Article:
U.S., EU

China, People's Republic of

EU

Congo, Democratic Republic of the

U.S., EU

Côte d'Ivoire

U.S., EU

Crimea region of Ukraine

U.S., EU

Cuba

U.S.

Egypt

EU

Eritrea

EU

Guinea

EU

Guinea Bissau

EU

Iran

U.S., EU

Iraq

U.S., EU

Lebanon

U.S., EU

Liberia

EU

Libya

U.S., EU

Myanmar (Burma)

EU

North Korea

U.S., EU

Russia

U.S., EU

Sierra Leone

EU

Somalia

U.S., EU

South Sudan

U.S., EU

Sudan

U.S., EU

Syria

U.S., EU

Tunisia

EU

Venezuela

U.S.

Yemen

U.S., EU

Zimbabwe

U.S., EU

Key:

EU only = blue
U.S. only = red
EU and U.S. = purple
Status (date): 30th June 2017

Links:


Embargos Against Persons

The key points in brief:

  • So called smart or targeted sanctions particularly contain individualized financial sanctions as well as supply and travel bans
  • These sanctions target individuals deemed responsible for a threat to peace
  • Aim is to enhance the effectiveness and reduce unintended side effects on the civilian population

Explanations:

Since the 1990s, the international community of states has increasingly sought embargoes against persons, including entities and organizations (so-called “smart“ or “targeted“ sanctions). The main categories developed in this respect – which have become relatively standardized – are financial sanctions, in particular by freezing financial assets or economic resources and individualized travel bans.
With their new focus on targeted sanctions, legislators have increasingly sought to use tools with a particular impact on individuals deemed responsible for a threat to peace. The aim of “targeted” sanctions is to increase the effectiveness of economic sanctions, while reducing the negative impact on the civilian population (“smart” sanctions).
If the listing of persons in so-called sanctions lists results from resolutions of the UN Security Council or the Sanctions Committee of the Council, member States are obliged to take implementing action.

Background

“Targeted” sanctions were initially directed against politically responsible officials from the government, but also against warlords and drug barons. With the advent of international terrorism by Al Qaeda and the Taliban, the sanctions regime experienced a profound change. Legislators began to include individuals, companies and associations suspected of supporting international terrorism in a material or ideological way, within the scope of new sanctions regimes. At UN level the UN Sanctions Committee was set up as a subsidiary body of the Security Council. The list drawn up by this Committee is to be transformed into national law by the Member States without having any scope for decision and judgment.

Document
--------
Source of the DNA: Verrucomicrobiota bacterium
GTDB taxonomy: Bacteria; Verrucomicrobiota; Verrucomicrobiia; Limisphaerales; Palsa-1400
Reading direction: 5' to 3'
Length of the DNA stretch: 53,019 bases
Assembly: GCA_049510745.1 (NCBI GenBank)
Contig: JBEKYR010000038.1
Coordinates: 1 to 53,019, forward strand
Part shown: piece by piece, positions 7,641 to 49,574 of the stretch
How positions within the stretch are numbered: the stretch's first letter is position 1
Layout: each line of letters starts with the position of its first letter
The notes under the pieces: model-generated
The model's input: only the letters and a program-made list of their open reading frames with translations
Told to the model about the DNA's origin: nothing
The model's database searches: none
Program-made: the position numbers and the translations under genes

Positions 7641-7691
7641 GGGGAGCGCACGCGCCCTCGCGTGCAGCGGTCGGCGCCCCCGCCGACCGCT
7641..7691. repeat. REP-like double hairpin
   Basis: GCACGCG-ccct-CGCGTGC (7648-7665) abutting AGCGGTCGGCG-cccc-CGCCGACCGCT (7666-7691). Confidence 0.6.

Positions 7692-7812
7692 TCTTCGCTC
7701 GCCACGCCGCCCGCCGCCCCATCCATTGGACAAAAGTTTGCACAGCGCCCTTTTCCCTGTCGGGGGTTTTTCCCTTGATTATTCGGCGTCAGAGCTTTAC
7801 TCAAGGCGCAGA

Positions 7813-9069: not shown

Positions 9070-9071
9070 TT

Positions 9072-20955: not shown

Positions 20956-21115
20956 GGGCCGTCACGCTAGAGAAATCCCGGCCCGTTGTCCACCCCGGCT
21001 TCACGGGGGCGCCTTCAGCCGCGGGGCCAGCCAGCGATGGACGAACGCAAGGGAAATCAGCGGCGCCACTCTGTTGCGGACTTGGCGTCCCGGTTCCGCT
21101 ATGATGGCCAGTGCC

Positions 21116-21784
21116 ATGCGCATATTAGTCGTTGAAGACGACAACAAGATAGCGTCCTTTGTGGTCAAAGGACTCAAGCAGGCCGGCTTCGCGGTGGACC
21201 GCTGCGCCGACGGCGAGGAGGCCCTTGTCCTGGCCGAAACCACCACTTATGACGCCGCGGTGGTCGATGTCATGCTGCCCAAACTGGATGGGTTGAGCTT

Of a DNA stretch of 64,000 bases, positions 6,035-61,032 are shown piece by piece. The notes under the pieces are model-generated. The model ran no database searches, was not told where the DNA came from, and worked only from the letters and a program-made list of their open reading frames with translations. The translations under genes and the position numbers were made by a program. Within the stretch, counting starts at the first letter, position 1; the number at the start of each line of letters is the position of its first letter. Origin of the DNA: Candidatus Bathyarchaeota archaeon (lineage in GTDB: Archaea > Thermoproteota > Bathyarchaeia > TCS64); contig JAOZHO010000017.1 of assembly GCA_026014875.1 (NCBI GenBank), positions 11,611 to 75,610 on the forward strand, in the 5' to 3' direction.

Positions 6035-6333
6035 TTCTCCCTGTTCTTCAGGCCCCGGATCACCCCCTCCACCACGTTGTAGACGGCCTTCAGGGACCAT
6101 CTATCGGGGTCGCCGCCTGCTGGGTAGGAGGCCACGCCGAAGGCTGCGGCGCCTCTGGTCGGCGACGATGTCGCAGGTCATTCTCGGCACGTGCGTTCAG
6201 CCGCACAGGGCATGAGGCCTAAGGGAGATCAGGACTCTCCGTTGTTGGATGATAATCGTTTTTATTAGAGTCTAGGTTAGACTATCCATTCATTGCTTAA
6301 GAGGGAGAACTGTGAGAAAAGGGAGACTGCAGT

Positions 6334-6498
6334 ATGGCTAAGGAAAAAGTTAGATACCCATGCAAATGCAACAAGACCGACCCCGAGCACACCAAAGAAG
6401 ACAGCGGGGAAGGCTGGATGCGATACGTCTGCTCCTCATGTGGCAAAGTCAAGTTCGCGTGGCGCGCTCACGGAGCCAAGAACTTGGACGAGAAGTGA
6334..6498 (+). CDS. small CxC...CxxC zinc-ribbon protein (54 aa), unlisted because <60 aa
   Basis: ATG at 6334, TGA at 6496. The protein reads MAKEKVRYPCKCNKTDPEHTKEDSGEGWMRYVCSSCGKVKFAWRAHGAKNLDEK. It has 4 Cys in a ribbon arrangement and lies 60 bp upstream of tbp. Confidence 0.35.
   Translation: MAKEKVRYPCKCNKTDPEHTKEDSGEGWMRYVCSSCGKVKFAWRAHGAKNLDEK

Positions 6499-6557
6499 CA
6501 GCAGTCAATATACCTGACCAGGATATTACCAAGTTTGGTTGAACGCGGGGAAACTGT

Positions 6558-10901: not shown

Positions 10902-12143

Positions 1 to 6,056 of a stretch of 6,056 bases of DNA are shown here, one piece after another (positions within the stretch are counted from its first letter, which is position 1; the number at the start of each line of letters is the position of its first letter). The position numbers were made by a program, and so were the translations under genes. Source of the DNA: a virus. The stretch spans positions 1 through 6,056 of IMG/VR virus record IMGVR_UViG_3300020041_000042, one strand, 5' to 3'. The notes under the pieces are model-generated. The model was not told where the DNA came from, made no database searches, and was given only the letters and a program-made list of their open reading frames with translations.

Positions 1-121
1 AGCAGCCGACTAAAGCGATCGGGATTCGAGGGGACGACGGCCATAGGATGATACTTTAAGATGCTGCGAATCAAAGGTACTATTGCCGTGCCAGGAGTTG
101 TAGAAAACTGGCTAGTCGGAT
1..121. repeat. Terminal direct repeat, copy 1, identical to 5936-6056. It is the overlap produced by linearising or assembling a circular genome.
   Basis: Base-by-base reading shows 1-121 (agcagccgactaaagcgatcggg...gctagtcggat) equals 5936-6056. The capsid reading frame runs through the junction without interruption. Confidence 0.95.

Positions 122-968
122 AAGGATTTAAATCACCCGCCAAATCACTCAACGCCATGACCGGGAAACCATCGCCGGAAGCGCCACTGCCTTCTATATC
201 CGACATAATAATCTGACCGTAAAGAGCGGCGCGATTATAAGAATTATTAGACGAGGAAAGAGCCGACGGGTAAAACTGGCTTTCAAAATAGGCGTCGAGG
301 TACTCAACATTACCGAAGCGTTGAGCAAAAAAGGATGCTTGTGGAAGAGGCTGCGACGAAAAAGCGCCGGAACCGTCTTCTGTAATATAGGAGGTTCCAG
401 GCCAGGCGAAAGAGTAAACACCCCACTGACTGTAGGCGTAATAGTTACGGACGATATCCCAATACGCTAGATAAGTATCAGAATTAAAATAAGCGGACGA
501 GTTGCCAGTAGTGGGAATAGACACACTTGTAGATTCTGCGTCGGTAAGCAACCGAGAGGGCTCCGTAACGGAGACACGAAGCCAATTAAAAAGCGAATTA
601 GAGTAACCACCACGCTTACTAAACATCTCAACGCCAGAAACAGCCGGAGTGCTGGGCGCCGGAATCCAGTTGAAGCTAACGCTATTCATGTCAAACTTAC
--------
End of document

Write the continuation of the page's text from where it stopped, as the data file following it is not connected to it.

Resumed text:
In a broader sense also limiting sanctions to specific sectors of the economy of a target State and not only to specific persons

Measures

Persons, groups, organizations and bodies, which are included in lists, are usually subject to an absolute prohibition on the supply of material and immaterial goods or assets. The supply ban covers all persons, organizations and institutions involved in the delivery, and not just the end user as an organization. It is prohibited to directly or indirectly provide listed persons, entities or organizations with financial assets or economic resources (any assets that may be used for the acquisition of funds, goods or services). They may not been made available in any way or benefited directly or indirectly (so-called supply ban). Also the provision of services and any kind of technical support, the conclusion of contracts or the granting of any other economic advantage is covered by the ban. Thus, e.g. purchase, rent, swapping, transfers and assignments of claims, salary or commission payments are generally precluded. Intentional or negligent violations are usually subject to criminal and administrative fines.

The above-mentioned country embargoes also regularly contain sanctions lists with corresponding prohibitions.

Links: